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however, John quickly learned—because his ‗fire‘ was for the sake of God—to curb his passions, becoming the man known to tradition as the Apostle of Love.10 The Gospel of Mark, along with the greater Synoptic tradition, lays especial stress on the mysteriousness of Jesus‘ identity, and seeks to veil it in the proclamation of the Kingdom, whereas the Fourth Gospel seeks to lead people to a knowledge of Jesus Himself.11 Thus, we find Jesus desirous of concealing His identity, as when He silenced an unclean spirit who said to him, ―I know who thou art, the Holy One of God‖, as well as when the Teacher ―commanded his disciples, that they should tell no one that he was Jesus the Christ‖.12 Nevertheless, He possessed disciples to whom He gave His Teaching. He also had a group of elect disciples to whom He revealed directly His deeper mysteries: Peter and the two sons of Zebedee, James and John.13 Other texts in the New Testament point John out for distinction, especially his close companionship with Peter,14 and Paul‘s remark that he, along with James and Peter, ―seemed to be pillars‖ of the Church.15 In the Fourth Gospel, John is never explicitly men10

Matthew 4:21-22; and Mark 1:19-20. Mark 1:21-22. 5 “He named them Boanerges, which is, the sons of Thunder” (Mark 3:17). 6 John 1:42; Matthew 16:13-20; and Mark 3:16. 7 Mark 9:37-38; and Luke 9:49-50. 8 Luke 9:51-56. 9 Mark 10: 35-40; and Luke 10:35-40.

This name is given to him especially on account of the First Epistle attributed to him. 11 Mark 1:14-15; Matthew 4:17; and John’s Prologue, 8:12, and 17:3. 12 Mark 1:23-25; 3:11-12; and Matthew 16:20. 13 Such events were the raising of Jairus’ daughter (Mark 5:37 and Luke 8:51), Jesus’ Transfiguration (Matthew 17:1-2; Mark 9:1; and Luke 9:28-29), and Jesus’ Passion in Gethsemane (Matthew 26:36-38), events where only these three disciples were admitted. 14 Such as making preparations for the Paschal Meal (Luke 22:8), healing a lame man (Acts 3:1), preaching (Acts 4:13), and catechising converts (Acts 8:14). 15 Galatians 2:9.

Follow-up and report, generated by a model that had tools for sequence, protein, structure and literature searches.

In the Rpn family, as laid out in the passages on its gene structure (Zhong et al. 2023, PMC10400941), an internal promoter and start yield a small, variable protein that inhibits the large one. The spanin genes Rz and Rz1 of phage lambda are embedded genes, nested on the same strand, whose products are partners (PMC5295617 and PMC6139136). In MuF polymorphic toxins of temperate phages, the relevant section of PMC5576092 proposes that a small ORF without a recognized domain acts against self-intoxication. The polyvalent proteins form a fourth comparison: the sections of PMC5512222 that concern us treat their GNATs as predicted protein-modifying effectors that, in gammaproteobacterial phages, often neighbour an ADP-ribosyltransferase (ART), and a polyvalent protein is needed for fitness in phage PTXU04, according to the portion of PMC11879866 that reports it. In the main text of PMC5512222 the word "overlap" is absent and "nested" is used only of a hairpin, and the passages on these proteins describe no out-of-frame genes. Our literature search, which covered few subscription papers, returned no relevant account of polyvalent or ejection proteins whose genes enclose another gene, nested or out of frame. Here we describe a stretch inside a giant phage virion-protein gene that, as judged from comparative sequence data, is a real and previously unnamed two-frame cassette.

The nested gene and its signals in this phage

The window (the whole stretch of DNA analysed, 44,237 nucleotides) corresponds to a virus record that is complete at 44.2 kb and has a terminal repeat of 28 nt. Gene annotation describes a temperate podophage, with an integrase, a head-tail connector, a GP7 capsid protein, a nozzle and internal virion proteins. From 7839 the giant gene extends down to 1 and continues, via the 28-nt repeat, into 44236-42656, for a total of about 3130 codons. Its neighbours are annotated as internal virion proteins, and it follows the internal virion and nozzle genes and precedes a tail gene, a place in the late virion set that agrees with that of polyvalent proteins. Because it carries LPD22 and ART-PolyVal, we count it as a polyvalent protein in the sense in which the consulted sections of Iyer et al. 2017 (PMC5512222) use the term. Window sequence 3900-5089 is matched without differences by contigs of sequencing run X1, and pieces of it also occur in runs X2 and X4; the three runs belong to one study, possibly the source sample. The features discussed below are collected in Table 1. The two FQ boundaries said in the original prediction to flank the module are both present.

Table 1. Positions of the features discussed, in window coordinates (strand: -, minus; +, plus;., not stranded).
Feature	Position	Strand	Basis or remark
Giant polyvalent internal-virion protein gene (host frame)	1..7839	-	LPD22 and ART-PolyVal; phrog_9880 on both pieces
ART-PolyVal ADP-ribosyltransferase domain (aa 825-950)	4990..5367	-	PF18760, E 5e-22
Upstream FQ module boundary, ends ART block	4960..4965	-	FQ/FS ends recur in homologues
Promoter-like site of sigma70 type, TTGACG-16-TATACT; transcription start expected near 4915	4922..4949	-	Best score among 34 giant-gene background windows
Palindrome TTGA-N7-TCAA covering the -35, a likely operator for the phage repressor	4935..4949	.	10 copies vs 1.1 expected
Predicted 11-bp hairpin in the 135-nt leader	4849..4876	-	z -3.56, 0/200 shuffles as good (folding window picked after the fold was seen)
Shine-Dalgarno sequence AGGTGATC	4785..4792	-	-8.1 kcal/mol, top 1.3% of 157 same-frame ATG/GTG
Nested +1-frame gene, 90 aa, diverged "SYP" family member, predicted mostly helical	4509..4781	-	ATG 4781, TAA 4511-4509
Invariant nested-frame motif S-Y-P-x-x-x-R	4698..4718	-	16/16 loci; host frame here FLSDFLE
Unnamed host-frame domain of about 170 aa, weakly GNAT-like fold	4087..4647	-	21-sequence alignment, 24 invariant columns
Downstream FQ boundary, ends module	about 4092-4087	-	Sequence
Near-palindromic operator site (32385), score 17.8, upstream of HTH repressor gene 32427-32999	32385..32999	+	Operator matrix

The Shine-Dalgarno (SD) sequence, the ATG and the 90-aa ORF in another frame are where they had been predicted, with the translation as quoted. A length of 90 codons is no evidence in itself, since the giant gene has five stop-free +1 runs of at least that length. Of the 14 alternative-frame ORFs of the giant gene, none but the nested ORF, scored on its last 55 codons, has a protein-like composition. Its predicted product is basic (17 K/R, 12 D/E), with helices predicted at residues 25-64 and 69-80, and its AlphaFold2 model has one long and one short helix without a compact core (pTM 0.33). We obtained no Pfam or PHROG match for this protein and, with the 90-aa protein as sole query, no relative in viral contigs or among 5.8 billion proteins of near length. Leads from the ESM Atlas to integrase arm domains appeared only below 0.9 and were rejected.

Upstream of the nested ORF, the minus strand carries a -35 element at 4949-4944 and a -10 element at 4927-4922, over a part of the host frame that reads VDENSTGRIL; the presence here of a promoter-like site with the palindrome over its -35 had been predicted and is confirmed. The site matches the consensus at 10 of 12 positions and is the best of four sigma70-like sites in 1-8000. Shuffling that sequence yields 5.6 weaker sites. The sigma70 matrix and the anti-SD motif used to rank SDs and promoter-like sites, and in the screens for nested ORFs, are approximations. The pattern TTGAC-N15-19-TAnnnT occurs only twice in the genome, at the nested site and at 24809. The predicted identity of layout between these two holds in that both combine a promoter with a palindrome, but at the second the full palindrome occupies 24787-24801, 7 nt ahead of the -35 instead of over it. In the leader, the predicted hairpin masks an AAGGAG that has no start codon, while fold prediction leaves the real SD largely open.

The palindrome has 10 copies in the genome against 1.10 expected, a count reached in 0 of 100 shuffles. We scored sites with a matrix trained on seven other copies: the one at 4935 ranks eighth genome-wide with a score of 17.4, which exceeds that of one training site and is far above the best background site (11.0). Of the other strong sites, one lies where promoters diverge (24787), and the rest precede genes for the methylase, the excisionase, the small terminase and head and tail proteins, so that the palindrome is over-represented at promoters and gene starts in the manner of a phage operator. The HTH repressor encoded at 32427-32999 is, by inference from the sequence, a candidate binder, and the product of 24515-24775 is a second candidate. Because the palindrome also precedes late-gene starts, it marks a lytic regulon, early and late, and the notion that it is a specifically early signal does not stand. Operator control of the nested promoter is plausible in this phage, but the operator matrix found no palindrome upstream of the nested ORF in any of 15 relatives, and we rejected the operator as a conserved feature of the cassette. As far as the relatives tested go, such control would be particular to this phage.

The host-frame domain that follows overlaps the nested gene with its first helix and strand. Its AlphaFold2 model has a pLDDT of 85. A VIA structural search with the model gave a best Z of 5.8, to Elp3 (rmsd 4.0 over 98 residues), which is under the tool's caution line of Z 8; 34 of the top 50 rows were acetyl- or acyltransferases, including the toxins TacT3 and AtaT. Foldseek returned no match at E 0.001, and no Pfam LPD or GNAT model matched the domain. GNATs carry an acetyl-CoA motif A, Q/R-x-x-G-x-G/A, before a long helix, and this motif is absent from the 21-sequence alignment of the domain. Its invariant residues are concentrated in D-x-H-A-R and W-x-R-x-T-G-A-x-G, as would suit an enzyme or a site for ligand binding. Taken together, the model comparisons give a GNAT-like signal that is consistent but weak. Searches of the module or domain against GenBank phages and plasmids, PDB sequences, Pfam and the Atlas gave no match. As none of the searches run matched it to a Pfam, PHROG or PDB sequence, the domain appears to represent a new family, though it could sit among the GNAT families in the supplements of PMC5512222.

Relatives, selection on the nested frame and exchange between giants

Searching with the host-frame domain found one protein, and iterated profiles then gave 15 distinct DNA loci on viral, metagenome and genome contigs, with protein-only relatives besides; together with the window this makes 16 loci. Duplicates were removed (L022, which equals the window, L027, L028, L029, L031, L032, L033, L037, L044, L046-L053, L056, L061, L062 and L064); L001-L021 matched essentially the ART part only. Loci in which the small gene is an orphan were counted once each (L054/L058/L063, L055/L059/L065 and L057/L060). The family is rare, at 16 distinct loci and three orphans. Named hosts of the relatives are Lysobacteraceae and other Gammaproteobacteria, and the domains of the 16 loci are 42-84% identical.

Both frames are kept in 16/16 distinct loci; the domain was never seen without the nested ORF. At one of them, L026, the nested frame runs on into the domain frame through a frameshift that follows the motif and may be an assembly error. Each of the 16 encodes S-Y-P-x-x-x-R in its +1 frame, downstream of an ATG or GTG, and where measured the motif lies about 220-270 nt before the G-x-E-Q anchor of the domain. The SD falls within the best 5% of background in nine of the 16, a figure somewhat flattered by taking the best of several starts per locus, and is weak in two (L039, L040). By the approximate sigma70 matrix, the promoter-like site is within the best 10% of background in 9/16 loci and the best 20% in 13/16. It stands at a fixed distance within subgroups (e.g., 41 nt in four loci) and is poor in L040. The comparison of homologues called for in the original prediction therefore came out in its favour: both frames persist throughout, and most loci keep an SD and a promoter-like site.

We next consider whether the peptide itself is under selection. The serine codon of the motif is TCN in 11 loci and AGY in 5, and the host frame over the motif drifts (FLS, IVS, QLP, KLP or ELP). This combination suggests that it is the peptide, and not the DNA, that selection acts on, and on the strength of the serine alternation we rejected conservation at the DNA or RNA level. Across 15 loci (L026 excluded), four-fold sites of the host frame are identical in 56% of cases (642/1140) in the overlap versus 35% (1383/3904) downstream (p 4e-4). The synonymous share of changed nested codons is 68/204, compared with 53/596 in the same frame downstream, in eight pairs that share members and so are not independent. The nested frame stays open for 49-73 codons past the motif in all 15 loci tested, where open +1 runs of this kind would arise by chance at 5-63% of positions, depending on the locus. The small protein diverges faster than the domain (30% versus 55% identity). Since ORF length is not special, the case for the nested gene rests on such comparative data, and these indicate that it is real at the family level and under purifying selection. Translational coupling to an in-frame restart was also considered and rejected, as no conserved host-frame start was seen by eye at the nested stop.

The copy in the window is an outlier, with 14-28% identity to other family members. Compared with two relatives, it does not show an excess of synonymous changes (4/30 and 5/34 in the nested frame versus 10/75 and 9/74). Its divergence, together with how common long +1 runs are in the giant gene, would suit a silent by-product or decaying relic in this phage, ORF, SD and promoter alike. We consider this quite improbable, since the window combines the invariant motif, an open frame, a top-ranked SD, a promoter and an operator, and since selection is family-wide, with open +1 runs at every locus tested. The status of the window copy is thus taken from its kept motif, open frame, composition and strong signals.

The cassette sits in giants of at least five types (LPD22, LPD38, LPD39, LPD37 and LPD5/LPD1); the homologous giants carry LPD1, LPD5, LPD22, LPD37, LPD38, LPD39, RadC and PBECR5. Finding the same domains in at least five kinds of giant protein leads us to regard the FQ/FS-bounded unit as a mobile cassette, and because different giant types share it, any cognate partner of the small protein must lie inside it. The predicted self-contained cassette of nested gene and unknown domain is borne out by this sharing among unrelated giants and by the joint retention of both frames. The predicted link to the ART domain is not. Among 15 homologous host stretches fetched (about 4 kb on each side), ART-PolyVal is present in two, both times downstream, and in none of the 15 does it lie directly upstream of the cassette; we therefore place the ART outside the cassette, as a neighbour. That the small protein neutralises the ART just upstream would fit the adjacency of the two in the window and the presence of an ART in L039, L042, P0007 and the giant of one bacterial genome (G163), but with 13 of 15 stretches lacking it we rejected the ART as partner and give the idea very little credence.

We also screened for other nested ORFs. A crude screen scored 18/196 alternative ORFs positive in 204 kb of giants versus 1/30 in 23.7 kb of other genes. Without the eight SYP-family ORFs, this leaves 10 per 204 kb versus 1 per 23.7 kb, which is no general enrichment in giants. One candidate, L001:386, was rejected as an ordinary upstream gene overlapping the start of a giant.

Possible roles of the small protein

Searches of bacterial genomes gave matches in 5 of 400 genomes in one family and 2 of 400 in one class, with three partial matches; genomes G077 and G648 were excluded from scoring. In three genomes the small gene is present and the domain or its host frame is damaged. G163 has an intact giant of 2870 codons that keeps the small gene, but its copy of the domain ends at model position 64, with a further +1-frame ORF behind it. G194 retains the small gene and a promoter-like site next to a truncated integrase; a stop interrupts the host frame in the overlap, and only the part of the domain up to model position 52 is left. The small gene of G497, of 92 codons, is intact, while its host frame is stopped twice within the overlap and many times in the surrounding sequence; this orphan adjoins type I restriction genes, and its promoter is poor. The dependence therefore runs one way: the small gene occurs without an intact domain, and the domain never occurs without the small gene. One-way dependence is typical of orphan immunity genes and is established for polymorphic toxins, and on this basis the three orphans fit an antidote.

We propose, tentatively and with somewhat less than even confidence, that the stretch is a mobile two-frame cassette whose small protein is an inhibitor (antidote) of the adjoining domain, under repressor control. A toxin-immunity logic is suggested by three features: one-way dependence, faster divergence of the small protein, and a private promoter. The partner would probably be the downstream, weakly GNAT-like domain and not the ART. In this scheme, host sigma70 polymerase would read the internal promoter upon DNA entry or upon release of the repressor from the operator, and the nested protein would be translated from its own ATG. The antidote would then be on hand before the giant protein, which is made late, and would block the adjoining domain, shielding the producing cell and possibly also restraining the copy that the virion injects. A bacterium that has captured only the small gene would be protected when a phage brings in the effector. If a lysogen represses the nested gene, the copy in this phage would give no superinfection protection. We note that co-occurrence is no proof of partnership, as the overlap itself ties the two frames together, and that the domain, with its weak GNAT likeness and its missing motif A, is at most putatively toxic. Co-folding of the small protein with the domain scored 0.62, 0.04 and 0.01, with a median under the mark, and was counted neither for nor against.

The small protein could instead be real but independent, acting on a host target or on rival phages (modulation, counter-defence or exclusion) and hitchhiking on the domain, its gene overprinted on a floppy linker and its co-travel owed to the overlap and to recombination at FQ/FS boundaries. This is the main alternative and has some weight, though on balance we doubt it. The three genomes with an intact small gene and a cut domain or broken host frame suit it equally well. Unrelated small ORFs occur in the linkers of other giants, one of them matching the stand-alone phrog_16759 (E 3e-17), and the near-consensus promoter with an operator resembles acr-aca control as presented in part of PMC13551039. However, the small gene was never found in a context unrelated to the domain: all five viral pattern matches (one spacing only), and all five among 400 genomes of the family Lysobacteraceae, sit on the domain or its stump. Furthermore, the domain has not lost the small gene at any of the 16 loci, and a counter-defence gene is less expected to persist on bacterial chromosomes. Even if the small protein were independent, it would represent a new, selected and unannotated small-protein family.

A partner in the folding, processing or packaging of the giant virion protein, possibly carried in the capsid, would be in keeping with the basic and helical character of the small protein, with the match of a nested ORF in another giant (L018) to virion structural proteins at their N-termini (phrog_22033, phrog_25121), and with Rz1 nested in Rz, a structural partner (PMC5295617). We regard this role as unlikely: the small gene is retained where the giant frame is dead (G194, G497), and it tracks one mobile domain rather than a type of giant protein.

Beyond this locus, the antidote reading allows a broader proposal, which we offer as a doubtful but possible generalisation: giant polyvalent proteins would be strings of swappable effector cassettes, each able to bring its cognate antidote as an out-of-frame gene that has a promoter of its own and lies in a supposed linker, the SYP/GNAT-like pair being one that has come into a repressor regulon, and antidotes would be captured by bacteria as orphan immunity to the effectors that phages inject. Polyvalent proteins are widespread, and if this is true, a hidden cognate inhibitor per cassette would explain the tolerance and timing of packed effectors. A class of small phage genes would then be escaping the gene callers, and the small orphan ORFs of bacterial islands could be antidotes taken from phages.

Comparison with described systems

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was a “hearer of John” (Against Heresies 5.). 199. did himself publish a Gospel‖. Maier (Grand Rapids: Kregel Publications. and John. before long. “Against Heresies. 13:34. 99-100. Nevertheless. who according to St. Church History. 23 It has been well argued that there is a high probability that Papias. 1981). He writes: “Peter. aware that all the external details had been recorded in the Gospels. Irenaeus. John. without a sufficient reason. who also had leaned upon His breast.” Concordia Journal 33 (2007): 26. What is more astounding is the use. in: Irenaeus. Among them are Papias. The “other disciple” (1:35 -40 and 18:15-16) may also be a reference to this same personage. St. Irenaeus also says that John wrote his Gospel to refute Cerinthus. plainly. The Church History. Eusebius elsewhere provides parallel information concerning the circumstances of the composition of St. then. 53. John within the elite group of Christ’s disciples. ed. the Lord imparted the higher knowledge [gnosis] to James the Just.). 5 and 36. tells how. The other texts regarding this mysterious figure are John 13:23.11. Irenaeus of Lyons 16 (c. John’s Gospel: his disciples’ beseeching him to write. of the modern critical methods in the toilsome study of this Gospel. 325. 19:26. though he was aware that certain things about the Lord remained to be said (Eusebius. Because of this seeming oddity. [had been] favoured by the Saviour” (Eusebius. John and His Gospel: Tradition The overwhelming.19 which completely undermines this proclamation of old. Paul L. St. They gave it to the other apostles” (Ibid. to say the least. as ‘anonymity’.20 The former wrote. that ―John. the earliest and greatest authorities from among the Holy Fathers who made direct references to the author of the Fourth Gospel are Sts. and Apostolicity as a Part of the Johannine Question: The Role of Papias in the Search for the Authoritative Author of the Gospel of John. a heretic contemporaneous with him (Against Heresies 3.).1.22 Besides these. was urged by his disciples and divinely moved by the Spirit to compose a spiritual Gospel‖. John.). that Jesus loved many individuals.1. we find accounts from the Holy Fathers that lead to the same conclusion. the emphasis put upon ‘the disciple whom Jesus loved’ is frivolous.D. “Authority. James.202) and Clement of Alexandria (c. “Against Heresies. 17 I will tackle the issue of John’s absence from the Fourth Gospel. and Mark 10:21. attributed the Fourth Gospel to the 8 . 22 Eusebius. the disciple of the Lord. These texts. based on the similarity of the wording in 20:2.21 The latter.115-c. among others. and 21:7. 20:2-7. giving a more detailed account. 19 Randar Tasmuth. 1 of The Ante-Nicene Fathers: Translations of the Writings of the Fathers down to A. by many scholars. and Peter. i. trans. unanimity of the testimonies from the first three centuries concerning the authorship of the Fourth Gospel is truly astonishing. the identification of the Beloved Disciple. 14:21. especially if one disregarded certain issues that arise from historicalcritical enquiries. in: Irenaeus.1. ―the disciple whom Jesus loved‖.e. Church History. and between the Beloved Disciple and Peter in the Fourth Gospel. in: Irenaeus.” 563.” in vol. 18 John 11:3. St.150-c. He also distinguishes these three as having received gnosis directly from the risen Lord: “After the resurrection. Note also that there is a similarity of relationship posited between John and Peter in the New Testament. ―last of all.KannenBright: Concordia University Undergraduate Journal of Theological Studies tioned.” 426.16 with John apparently solves the ‗mystery‘.).215). 414. 2007). “Against Heresies. Against Heresies 3. total.23 20 John 21:20.4..33. therefore. 21 Irenaeus. Clement puts St.17 Let it merely be said. is thus seemingly reserved for a distinguished relationship with Jesus. Authorship. his knowledge of the three other Gospels and his approval of them.. Alexander Roberts and James Donaldson (Grand Rapids: Eerdmans Publishing Company.18 The name ‗Beloved Disciple‘. show that.